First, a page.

Townsend health board issues emergency order, cancels Halloween

Just in time for Halloween at Worcester’s Hanover Theatre
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TOWNSEND – The Board of Health voted to cancel Halloween in an emergency meeting Thursday afternoon, imposing an emergency order under state law, Chapter 111.

The board cited the spike in COVID-19 cases over the last couple of weeks as a reason for the action, including 15 new cases reported over the past weekend.

The board had left the issue up in the air at its previous meeting Monday night.

Chairman Christopher Nocella said the situation had gotten worse since Nashoba Associated Boards of Health agent Rick Metcalf on Monday reported a total of 21 cases in town, with two more cases added since and that in his view it was time for the board to take action.

James Le’Cuyer, the other member of the two-person board (down from three after the recent resignation of Linda Johansen) agreed. “We have an epidemic in town,” he said.

Noting the board’s recent decision aimed at keeping townspeople safe, that is, closing Town Hall to all but voter traffic and essential election personnel on Election Day, Nov. 3, he said it only makes sense to cancel Halloween celebrations as well, given the added risks posed by large gatherings such as costume parties and trick or treating.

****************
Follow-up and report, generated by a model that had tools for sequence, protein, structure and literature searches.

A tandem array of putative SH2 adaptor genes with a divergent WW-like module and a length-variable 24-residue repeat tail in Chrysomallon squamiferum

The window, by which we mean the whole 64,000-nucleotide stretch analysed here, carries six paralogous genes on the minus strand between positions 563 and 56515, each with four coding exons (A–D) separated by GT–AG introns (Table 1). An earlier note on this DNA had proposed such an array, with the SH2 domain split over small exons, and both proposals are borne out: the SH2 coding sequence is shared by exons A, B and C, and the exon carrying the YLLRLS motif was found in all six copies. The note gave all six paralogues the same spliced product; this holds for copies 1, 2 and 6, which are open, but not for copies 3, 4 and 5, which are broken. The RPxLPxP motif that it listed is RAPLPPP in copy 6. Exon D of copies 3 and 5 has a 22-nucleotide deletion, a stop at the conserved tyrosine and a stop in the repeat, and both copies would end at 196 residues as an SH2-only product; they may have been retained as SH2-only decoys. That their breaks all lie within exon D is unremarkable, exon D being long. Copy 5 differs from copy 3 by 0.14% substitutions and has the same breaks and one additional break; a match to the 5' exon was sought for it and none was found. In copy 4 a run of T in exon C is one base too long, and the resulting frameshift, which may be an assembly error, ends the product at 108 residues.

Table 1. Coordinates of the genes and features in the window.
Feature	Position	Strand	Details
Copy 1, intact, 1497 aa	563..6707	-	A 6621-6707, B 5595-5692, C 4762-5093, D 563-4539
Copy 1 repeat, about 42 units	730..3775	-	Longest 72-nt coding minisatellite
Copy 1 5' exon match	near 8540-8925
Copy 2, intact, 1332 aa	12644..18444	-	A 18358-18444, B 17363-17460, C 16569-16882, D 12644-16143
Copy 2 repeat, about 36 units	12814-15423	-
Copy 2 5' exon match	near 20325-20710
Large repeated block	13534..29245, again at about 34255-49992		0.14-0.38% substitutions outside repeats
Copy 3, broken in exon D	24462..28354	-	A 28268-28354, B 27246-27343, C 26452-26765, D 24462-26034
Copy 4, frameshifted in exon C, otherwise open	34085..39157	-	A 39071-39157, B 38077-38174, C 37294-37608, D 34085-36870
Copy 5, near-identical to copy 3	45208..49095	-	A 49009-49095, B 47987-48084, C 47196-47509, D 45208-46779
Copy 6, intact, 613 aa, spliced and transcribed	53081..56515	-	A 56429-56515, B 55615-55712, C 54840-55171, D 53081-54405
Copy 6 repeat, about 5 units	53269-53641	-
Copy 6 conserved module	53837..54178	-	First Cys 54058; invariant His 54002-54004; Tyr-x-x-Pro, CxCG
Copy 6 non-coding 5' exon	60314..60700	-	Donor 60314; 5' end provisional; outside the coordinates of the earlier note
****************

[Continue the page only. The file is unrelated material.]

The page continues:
He said that if people disagreed, so be it. This is the right thing for the town to do.

“I wasn’t going to turn on my lights, that’s for sure,” resident Sue Lisio said.

Metcalf said the red designation doesn’t apply until a community has high case number for three weeks.

But he agreed the rapid increase is cause for concern. “It’s a big spike, he said but not a complete mystery. Of the 15 new cases previously mentioned, eight came from three households, he said.

Resident Joseph Shank said he supports the board’s decision on the Halloween question. “As elected officials, I respect what you do,” he said.

The board turned the job of spreading the word to the Nashoba health officials. Metcalf said he’d issue the cancellation notice and get the word out via various means, such as radio stations and public message boards.

It will also be posted on the town website and as a Town Hall voice mail message.

Before adjourning the brief session, the board also discussed compliance with state COVID-19 restrictions and recent Nashoba orders.

Nocella said it’s a concern because people are talking about a Halloween costume party brewing at Yee’s Village, a Main Street restaurant and bar. Metcalf said the owners had been notified that under the state’s current pandemic restrictions, the establishment can’t function as a stand-alone bar and they definitely can’t have a big gathering there. Customers must sit at tables and order food, he said.

“We’ve visited twice… they know what the regulations are,” Metcalf said. And just in case the rumors are true, that folks may be planning to attend a costume party there on Halloween night, that’s off the table. Someone from Nashoba will pay the proprietors a visit, to ensure that’s understood, he said.

The board also agreed to ask the Police Department to have a cruiser drive by Yee’s on Halloween night to check up.